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In June 2023, the Governor signed Public Act 23-167, which makes significant changes to Connecticut’s bullying law that become mandatory for the 2025-2026 school year. In addition to a making variety of changes to Connecticut’s bullying law, which we described in a previous article, the new legislation requires that the Connecticut Association of Boards of Education (“CABE”) develop, update, and approve a “school climate policy” (the “Policy”), which in turn must be adopted by the Social and Emotional Learning and School Climate Advisory Collaborative (the “Collaborative”). The legislation also requires that the Collaborative create a “uniform bullying complaint form” (the “Form”).  

The new Policy and Form were recently finalized and are now available on CABE’s website (see School Climate Policy and Form, #5131.911). The Policy includes redefined and newly defined terms related to the Connecticut bullying law, such as “challenging behavior” and a new definition for “bullying.” It also outlines the roles and responsibilities of various school climate personnel and new annual training requirements. A cover note to the Policy importantly reminds boards of education that the Policy “does not modify or eliminate any rights or obligations under state and federal laws, including any constitutional and civil rights protections or any other applicable policies and procedures or collective bargaining agreements.” (Emphasis in original).

The Form, entitled the “Challenging Behavior Reporting Form,” is for students, parents, guardians, and school employees to report any alleged incidents of “challenging behavior” or “bullying.” The Form must be included on a local and regional board of education’s website and in each board’s student handbooks, and, according to the language in the Form, may also “serve as a model challenging behavior reporting form that local and regional boards of education may adapt and adopt.”

In addition to the Challenging Behavior Reporting Form, the Collaborative also has provided an “Investigation Form” for use by those investigating allegations of challenging behavior and/or bullying. The purpose of the Investigation Form, as stated in that form, “is to provide a streamlined process to assess reported instances of challenging behavior.” Finally, the Collaborative has provided a “Response Process(es) Notification Form,” the purpose of which, as described in that form, “is to provide a template for transparency and accountability to a person(s) that submit(s) a report of challenging behavior.”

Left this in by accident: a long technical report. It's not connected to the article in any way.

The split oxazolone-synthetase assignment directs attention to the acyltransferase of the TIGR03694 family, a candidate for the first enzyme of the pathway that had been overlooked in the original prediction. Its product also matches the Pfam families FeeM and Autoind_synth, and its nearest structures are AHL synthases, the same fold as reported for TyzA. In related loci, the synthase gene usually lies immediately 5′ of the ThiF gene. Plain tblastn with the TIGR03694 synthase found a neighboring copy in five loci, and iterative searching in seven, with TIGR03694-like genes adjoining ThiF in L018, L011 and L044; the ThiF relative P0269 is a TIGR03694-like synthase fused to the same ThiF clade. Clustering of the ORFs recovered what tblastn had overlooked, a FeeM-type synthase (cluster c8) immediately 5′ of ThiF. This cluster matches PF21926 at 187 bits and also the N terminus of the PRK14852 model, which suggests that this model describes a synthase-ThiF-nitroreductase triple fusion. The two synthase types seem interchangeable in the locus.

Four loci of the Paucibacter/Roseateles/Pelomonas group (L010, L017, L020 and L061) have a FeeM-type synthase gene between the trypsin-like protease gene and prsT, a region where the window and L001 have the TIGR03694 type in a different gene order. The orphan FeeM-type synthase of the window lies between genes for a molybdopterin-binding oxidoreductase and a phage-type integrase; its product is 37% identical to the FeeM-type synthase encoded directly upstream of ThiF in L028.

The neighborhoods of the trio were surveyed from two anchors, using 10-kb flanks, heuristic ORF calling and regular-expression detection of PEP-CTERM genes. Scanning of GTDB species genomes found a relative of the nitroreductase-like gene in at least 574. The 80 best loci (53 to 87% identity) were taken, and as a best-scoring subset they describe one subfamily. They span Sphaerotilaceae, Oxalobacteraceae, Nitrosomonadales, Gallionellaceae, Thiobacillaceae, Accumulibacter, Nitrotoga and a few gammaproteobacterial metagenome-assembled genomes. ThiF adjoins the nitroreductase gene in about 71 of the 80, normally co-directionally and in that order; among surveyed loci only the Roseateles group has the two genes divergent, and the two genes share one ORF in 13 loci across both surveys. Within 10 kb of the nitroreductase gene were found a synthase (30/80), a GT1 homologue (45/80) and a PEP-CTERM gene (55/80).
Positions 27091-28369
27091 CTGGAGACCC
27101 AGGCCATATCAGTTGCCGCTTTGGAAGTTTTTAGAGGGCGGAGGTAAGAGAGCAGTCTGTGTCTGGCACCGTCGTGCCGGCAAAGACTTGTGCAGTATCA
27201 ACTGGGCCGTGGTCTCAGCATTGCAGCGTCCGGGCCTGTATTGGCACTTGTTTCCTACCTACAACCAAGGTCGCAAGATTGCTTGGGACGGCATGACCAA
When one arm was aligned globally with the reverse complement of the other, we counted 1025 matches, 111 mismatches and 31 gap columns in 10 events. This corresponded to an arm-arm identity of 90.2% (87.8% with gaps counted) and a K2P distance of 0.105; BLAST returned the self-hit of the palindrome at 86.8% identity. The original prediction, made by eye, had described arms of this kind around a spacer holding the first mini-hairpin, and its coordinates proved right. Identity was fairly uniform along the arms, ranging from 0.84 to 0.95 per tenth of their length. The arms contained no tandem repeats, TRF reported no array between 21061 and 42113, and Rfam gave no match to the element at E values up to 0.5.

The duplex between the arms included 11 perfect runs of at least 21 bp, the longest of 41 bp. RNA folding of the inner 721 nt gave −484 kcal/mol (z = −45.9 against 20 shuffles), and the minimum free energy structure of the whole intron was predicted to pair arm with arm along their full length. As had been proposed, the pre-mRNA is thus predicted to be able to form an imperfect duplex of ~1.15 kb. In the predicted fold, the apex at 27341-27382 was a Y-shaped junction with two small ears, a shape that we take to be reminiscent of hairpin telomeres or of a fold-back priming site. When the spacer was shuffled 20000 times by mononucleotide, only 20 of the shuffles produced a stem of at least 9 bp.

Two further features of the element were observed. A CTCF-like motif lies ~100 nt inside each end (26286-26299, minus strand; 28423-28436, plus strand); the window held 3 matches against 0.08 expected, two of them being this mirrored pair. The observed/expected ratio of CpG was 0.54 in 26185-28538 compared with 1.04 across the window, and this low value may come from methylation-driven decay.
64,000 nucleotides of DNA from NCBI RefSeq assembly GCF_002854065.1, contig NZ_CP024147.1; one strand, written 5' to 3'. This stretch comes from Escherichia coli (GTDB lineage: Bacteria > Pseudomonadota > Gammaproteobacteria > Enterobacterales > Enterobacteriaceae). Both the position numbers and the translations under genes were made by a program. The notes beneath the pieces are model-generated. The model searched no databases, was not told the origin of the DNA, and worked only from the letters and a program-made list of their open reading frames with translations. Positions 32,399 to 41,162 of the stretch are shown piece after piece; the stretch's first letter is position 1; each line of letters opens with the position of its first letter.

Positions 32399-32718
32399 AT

While school districts must adopt the Policy by the beginning of the 2025-2026 school year, the legislation does allow school districts to implement the Policy for the 2023-2024 and 2024-2025 school years if they wish. Importantly, until the Policy is adopted by the board of education, each school district must continue to comply with the current Connecticut bullying law, Connecticut General Statutes § 10-222d, and related statutory provisions, policies, and procedures. School districts may consider providing training for staff, especially administrators, about the Policy and the Form. 

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Photo of Jessica Richman Smith Jessica Richman Smith

Jessica represents schools in a variety of education, labor relations and employment law matters.  She negotiates certified and non-certified collective bargaining agreements on behalf of numerous public boards of education.  Jessica also represents school districts in labor and employment disputes, freedom of information…

Jessica represents schools in a variety of education, labor relations and employment law matters.  She negotiates certified and non-certified collective bargaining agreements on behalf of numerous public boards of education.  Jessica also represents school districts in labor and employment disputes, freedom of information hearings, teacher tenure proceedings, student disciplinary matters, election law matters, and other legal proceedings arising in the education context.  In addition, Jessica advises schools on education policies and practices, compliance with the Family Educational Rights and Privacy Act and the Connecticut Freedom of Information Act, and other legal matters arising in the education context.

Photo of Kelsey Scarlett Kelsey Scarlett

Kelsey Scarlett is a member of the firm’s School Law Practice Group, where she advises public and independent schools and colleges and universities on a variety of general education and labor and employment issues. Kelsey’s practice focuses on student discipline, Title IX and…

Kelsey Scarlett is a member of the firm’s School Law Practice Group, where she advises public and independent schools and colleges and universities on a variety of general education and labor and employment issues. Kelsey’s practice focuses on student discipline, Title IX and sexual misconduct, policy drafting, the rights of transgender and gender-minority students, complaints from the Office of Civil Rights (OCR), and employee and student investigations. She regularly attends Title IX seminars and has received ATIXA training.